Arthur Symons (1865–1945) was one of the most active editors, poets, critics and translators of the Victorian fin de siècle. He contributed to the Yellow Book, edited the Savoy, and translated works by Paul Verlaine, Stéphane Mallarmé and Emile Zola among others, as well as publishing several collections of his own poetry, including Silhouettes (1892) and London Nights (1895). His work is central to understanding the impact of Decadence and Symbolism on English literature. He was particularly influential on the early modernist writers, helping to introduce poets such as T.S. Eliot to nineteenth-century French literature. Although he lived until 1945, his later career was overshadowed by a mental breakdown he experienced in 1908.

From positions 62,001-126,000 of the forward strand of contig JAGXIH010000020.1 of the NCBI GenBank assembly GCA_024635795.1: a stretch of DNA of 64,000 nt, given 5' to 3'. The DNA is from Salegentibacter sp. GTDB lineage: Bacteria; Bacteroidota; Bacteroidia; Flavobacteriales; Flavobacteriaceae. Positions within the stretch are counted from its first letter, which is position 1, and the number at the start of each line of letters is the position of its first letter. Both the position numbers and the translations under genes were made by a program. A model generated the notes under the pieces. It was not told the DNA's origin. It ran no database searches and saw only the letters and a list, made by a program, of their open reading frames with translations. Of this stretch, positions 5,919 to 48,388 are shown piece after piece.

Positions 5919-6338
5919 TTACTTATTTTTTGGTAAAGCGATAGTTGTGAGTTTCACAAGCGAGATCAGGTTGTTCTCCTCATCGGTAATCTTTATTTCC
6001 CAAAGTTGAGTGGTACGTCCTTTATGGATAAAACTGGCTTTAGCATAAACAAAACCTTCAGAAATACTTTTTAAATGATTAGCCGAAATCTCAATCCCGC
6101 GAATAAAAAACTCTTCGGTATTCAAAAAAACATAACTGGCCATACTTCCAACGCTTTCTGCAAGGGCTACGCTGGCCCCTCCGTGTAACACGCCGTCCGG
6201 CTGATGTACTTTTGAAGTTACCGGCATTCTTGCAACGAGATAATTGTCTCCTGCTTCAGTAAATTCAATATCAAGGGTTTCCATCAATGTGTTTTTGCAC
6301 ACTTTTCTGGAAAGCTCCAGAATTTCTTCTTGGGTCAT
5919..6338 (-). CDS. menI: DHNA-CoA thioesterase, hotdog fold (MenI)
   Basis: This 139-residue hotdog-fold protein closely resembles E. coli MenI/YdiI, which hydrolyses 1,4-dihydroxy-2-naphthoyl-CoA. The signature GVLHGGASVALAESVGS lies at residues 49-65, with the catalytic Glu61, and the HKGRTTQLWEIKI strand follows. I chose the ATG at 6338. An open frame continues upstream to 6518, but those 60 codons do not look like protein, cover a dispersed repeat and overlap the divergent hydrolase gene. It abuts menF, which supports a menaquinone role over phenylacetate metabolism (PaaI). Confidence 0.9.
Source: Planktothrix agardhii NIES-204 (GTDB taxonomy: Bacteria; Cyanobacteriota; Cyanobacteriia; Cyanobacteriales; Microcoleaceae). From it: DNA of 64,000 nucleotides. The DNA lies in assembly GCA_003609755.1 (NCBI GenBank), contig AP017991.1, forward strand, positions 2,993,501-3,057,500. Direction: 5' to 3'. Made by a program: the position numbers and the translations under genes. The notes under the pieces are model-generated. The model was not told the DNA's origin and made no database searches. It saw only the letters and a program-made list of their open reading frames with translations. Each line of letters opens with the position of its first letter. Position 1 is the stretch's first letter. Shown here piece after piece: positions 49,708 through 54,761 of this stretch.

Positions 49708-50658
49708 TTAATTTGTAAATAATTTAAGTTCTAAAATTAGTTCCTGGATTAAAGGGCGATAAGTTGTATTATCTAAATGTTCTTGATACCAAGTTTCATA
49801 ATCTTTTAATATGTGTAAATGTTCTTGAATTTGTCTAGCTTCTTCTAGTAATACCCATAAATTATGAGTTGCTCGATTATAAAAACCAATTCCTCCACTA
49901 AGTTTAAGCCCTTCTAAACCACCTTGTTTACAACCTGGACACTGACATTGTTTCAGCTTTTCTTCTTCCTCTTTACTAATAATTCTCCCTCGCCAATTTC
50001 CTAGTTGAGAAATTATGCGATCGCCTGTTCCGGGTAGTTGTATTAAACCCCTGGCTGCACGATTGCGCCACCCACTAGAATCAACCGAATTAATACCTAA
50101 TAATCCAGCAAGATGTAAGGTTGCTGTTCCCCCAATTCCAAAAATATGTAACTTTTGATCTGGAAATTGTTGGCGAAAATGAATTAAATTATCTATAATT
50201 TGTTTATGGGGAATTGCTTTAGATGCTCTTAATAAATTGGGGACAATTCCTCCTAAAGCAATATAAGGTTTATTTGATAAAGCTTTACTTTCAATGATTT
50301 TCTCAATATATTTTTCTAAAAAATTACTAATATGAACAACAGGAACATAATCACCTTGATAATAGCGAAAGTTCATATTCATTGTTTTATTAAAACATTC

Matthew Creasy is a lecturer in English literature at the University of Glasgow. He has published essays and articles on the work of James Joyce, William Empson and Virginia Woolf.